Activists, faith leaders rally for background checks on gun buyers

A bus tour that began in Newtown, Conn., on the six-month anniversary of the school shooting there came to Baltimore on Saturday where a small group of ministers, legislators and activists gathered to call on Congress to pass legislation to reduce gun violence.

"A child killed every three hours and 15 minutes is enough for me. And it is enough for many men and women across the country. When will it be enough for Congress?" said Jenifer Pauliukonis, the Maryland head of Moms Demand Action for Gun Sense in America. The Parkville woman, who is the mother of a preschooler, said even though her family has not lost anyone to gun violence she was drawn into the movement after the Newtown shooting.

Speaking on the steps of the Cathedral of the Incarnation in Baltimore, activists read aloud the names of each of the 11 children who have died because of gun violence in the city this year as well as the names of dozens of Maryland adults. They occasionally stopped to say "No More Names," the slogan of the bus tour, which is making stops in 25 states in 100 days. The bus tour was organized by the group Mayors Against Illegal Guns.

"I serve a community that is ravaged. We must do something to ease the bloodshed," said Bishop Douglas Miles of Koinonia Baptist Church.

State Sen. Brian Frosh and other activists want Congress to pass legislation that requires more complete background checks. And Miles said President Barack Obama should require any gun manufacturer to support background check legislation before they get business from the federal government.

"In Maryland we have a strong law that we think should be required throughout the United States," said state Sen. Nathaniel McFadden.

The national legislation supported by the groups would require background checks for all gun sales in commercial settings, including gun shows and the Internet.

This year, Maryland lawmakers banned the sale of assault-style weapons, limited the size of magazines to 10 bullets, and created a fingerprinting and licensing system for handgun purchasers.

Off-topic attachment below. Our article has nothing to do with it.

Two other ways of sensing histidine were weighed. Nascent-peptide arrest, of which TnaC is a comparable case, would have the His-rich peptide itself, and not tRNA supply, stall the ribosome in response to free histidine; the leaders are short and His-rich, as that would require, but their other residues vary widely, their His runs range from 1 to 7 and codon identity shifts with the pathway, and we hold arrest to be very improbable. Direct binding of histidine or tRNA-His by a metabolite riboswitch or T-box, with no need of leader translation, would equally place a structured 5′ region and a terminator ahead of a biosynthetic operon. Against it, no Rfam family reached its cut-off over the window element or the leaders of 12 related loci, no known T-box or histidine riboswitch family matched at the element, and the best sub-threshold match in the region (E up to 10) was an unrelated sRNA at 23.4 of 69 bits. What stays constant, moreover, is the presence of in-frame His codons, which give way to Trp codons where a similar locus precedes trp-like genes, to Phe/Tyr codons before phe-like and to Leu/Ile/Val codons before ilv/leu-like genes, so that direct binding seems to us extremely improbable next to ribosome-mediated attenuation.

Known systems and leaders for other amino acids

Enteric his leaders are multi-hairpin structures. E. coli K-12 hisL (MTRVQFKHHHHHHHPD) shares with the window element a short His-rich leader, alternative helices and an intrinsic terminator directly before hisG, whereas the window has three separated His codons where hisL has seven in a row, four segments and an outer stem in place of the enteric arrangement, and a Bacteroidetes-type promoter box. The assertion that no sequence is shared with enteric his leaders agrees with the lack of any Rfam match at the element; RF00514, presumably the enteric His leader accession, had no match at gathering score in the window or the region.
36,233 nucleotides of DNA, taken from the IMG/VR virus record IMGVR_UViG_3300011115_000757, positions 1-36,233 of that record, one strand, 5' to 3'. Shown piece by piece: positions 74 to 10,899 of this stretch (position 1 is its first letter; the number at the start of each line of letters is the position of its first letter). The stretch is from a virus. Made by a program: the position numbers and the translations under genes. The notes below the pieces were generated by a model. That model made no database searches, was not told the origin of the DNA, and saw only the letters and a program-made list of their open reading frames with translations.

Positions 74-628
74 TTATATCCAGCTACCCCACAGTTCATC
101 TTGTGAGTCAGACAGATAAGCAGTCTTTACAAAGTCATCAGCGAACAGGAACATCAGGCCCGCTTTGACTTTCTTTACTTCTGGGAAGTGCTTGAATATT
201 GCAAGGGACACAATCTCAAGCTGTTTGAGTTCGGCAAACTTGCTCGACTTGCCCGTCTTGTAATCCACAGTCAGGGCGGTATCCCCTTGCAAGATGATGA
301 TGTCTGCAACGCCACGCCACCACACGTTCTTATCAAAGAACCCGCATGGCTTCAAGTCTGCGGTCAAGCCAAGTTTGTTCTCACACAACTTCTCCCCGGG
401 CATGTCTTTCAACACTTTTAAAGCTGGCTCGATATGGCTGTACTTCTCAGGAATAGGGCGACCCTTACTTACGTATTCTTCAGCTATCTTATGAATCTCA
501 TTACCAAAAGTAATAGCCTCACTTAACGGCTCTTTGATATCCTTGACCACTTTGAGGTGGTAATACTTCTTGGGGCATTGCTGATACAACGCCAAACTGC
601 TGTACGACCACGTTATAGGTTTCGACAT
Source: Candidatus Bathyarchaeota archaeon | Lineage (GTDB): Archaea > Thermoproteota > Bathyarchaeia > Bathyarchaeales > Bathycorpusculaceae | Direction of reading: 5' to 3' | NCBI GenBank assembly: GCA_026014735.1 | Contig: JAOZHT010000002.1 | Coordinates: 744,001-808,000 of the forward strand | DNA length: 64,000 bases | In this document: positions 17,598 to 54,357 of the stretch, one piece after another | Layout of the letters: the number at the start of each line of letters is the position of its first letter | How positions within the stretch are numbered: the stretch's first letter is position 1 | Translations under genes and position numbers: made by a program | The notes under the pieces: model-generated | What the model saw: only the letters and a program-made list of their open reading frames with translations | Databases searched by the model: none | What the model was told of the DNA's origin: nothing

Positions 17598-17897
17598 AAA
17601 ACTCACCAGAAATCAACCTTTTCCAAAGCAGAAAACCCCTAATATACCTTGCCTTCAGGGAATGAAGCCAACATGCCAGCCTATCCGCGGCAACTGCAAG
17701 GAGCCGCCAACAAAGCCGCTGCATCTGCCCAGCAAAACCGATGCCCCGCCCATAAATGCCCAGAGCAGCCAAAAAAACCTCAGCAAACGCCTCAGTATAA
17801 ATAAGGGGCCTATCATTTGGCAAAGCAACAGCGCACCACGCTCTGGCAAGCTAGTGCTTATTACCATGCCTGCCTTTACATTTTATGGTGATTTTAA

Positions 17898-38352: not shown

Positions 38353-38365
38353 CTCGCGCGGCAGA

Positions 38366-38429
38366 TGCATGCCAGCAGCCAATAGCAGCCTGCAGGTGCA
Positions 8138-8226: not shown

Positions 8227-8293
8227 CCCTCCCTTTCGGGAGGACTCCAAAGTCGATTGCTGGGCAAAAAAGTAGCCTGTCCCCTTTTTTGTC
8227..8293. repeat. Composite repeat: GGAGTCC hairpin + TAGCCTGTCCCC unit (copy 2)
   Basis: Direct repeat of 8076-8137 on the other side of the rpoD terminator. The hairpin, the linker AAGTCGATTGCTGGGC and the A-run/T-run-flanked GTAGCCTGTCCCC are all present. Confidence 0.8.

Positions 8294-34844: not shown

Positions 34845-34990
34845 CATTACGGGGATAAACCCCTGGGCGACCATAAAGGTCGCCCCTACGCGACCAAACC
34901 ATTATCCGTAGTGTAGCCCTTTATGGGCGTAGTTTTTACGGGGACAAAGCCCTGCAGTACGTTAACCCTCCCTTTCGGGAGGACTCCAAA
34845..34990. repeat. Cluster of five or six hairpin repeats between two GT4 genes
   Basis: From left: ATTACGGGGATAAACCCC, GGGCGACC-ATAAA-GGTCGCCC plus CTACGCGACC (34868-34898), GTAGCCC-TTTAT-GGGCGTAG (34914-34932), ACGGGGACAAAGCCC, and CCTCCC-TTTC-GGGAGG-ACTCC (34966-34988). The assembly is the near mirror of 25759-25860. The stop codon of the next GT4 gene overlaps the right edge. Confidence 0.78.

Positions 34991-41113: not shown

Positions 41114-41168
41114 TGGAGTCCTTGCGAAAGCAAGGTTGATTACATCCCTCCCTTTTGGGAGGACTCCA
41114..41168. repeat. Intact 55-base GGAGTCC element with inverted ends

Similar laws have been passed in New York, Massachusetts, New Jersey and Connecticut, where gun violence has decreased, said Frosh, who spoke at the rally. Ninety percent of the guns that kill people in New York City come from outside of the state, he said, while most guns that kill in Maryland come from within the state.

Gun sales have increased rapidly in Maryland in advance of the law's Oct. 1 effective date, and the state has been unable to keep up with the backlog of background checks. As of Sept. 6, the state had gotten 88,884 firearms purchase applications and 48,034 had been processed. The weekly average for applications in 2010 was 744. That figure has risen to 2,432 this year.

Gun dealers can release a gun to the purchaser after seven days, and dealers have released more than two dozen firearms to people who were barred from owning them because of their criminal records.

The crushing backlog prompted state police to draft a team of 25 to 40 state workers each day this weekend and on Monday to do data entry. The workers, who will not be doing the background checks, are from several different departments, including public safety, human resources and health and mental hygiene.

The effort to reduce the backlog with workers outside the state police, however, raised concerns by a gun-rights group that untrained civilians would view the personal information on the forms, including buyers' home addresses, full names and Social Security numbers.

"When a citizen fills out the form it is with the understanding it would be seen by the state police," said John Josselyn, legislative vice president for the Associated Gun Clubs of Baltimore. "This is an amazing and reckless disclosure of confidential information."

But the state police issued a statement saying that it had taken precautions to ensure that the information would not be mishandled, including having workers sign a confidentiality agreement and encrypting the information. Employees in the agencies handling the applications routinely handle sensitive personal information, the state police said in a statement.

Baltimore Sun reporter Erin Cox contributed to this article.

Copyright © 2020, The Baltimore Sun, a Baltimore Sun Media Group publication | Place an Ad